Making connections - Q&A: Ebony Lamb
As a portrait photographer, Ebony Lamb has an eye for the defining detail. As a songwriter, she shows that same clear insight. We talk timing, ...
Family connections remain Katchafire’s bedrock after two decades together. The roots reggae masters’ hectic tour schedule will bring them to seven centres in Aotearoa in September and October.
Has your relentless touring schedule slowed down at all?
No. We’ve just completed an eight-week tour of the US. That’s a bit longer than we like to be away – five to six weeks is usually the limit. But we’re very blessed to have this much work available. America and elsewhere are screaming out for Katchafire so we keep making hay.
You’ve played festivals all over the world – which ones stand out for you?
Wellington’s Homegrown is one of my favourites. We’re all Kiwi musicians. It’s just the mana and seeing the stands and everyone buying into that. New Zealand music is second to none, I love it. Internationally the best would probably be Spain’s Rototom Sunsplash. 10 days of reggae – everyone who’s big in reggae plays there. Another one is Germany’s Summer Jam – we usually play that but we’ve put it off to next year.
Who is on the tour?
We’ve got the full band and the full horn section. Every horn section here in New Zealand is busy so we have to share! Some of our horn section also play with Troy Kingi, for example. They’re very talented musicians.
Do you still treat audiences to those legendary long gigs?
No, we haven’t done a four-hour gig since the early 2000s. The longest now is two hours. We’ve got to make room for the support! Looking back, I don’t know how we did it, to be honest.
You are probably celebrated more outside New Zealand – why do you think that is?
It’s the old thing – that’s my uncle, my brother, my cousin... As Kiwis, we don’t celebrate our homegrown things as much as we should. It’s only when other people recognise them that Kiwis go ‘Oh, we should celebrate them’. You have to make it overseas to be a big deal at home. But we’re Kiwis, we’re down to earth, we know how that rolls. In the US and elsewhere, people are much more fanatical.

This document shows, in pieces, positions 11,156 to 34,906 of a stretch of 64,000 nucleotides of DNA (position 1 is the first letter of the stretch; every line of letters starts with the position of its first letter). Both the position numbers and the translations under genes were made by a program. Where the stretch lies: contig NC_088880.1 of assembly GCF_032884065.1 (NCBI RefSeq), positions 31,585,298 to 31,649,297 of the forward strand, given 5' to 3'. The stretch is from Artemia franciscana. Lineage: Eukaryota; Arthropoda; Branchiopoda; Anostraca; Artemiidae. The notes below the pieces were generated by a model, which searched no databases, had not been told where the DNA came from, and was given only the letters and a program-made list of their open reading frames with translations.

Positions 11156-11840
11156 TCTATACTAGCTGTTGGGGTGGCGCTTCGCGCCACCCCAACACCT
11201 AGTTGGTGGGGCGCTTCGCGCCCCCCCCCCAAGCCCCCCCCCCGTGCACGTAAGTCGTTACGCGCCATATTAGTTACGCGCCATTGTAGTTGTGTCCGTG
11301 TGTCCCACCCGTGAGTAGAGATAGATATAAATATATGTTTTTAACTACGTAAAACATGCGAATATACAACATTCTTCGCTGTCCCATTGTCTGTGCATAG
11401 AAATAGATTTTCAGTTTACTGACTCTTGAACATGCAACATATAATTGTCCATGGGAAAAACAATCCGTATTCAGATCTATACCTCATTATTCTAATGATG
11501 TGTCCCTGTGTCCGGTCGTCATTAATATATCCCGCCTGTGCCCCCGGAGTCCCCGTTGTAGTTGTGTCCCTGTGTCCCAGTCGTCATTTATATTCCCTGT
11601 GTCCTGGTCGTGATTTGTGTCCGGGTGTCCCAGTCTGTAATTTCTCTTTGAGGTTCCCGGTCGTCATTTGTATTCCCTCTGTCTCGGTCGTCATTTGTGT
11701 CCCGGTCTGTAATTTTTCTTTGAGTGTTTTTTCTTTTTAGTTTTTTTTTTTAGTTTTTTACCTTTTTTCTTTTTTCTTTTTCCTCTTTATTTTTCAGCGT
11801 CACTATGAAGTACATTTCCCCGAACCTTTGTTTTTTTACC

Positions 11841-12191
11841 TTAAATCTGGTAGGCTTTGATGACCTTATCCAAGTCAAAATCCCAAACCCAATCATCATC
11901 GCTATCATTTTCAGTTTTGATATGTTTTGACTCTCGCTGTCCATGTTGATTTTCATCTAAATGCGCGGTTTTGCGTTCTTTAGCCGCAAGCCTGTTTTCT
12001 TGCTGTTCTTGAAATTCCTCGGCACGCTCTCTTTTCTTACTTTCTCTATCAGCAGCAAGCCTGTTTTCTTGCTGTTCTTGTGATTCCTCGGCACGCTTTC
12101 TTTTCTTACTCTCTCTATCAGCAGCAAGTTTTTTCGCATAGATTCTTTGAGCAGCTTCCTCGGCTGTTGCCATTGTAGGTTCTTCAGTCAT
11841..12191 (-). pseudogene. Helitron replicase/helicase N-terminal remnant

Certainly in Hawai’i – you’re huge there.
That was a real shock to us. We went to Hawai’i in about 2005. The internet was just taking off and all of a sudden there was a huge demand for Katchafire in the islands. The first show we played there was to open the Pro Bowl NFL exhibition match at Aloha Stadium. It was packed with 50,000 people. That was our first taste of a show in Hawai’i, hearing all those people singing our music back to us.
Is there strength in being a whānau-based band?
Definitely. Just being able to approach tough things as a family has made it a lot easier. When you’re doing it with your dad, your brother, your brother-in-law, you can deal with adversity together, the ups and downs are a lot easier to face. It still means so much to us that we do this independently and as a family and brothers.
Who’s the cook?
Whoever’s not working! I like to delegate the cooking to Leon, he loves his kai. And me, I like to cook.
High-grade sashimi, raw fish, especially when we’re in the islands.
How long before the next generation joins the band?
They’re already taking on music. My son Tane is off to Jazz School in Wellington next year. Leon’s son Wineera is playing lead guitar in a band out of Raglan called Messiah with the kids of Cornerstone Roots. And Jordan’s son Cairo as well. They’re all knocking on the door, forming bands, into production, they’ve got their laptops.
How do you prepare for a gig?
As a band we perform karakia before every gig, taking a moment to ready ourselves. For me, I’ve got a steam inhaler I use to moisturise and warm up my vocal cords. I find the best thing for me is rest, get a good night’s rest after a gig and before the next one.
Do you have any views on the failure of cannabis law reform in New Zealand?
I think it would have been very good and beneficial if it had passed and I was disappointed it didn’t when we came so close. I also think it might have been one or two years too soon for New Zealand’s psyche and attitude. I think over the next year or so we are going to see a change in attitude on the matter. We are catching up with the rest of the world but New Zealand is quite conservative. If the referendum had been a year or two later it would have been a different outcome but we may not get a chance to repeat it.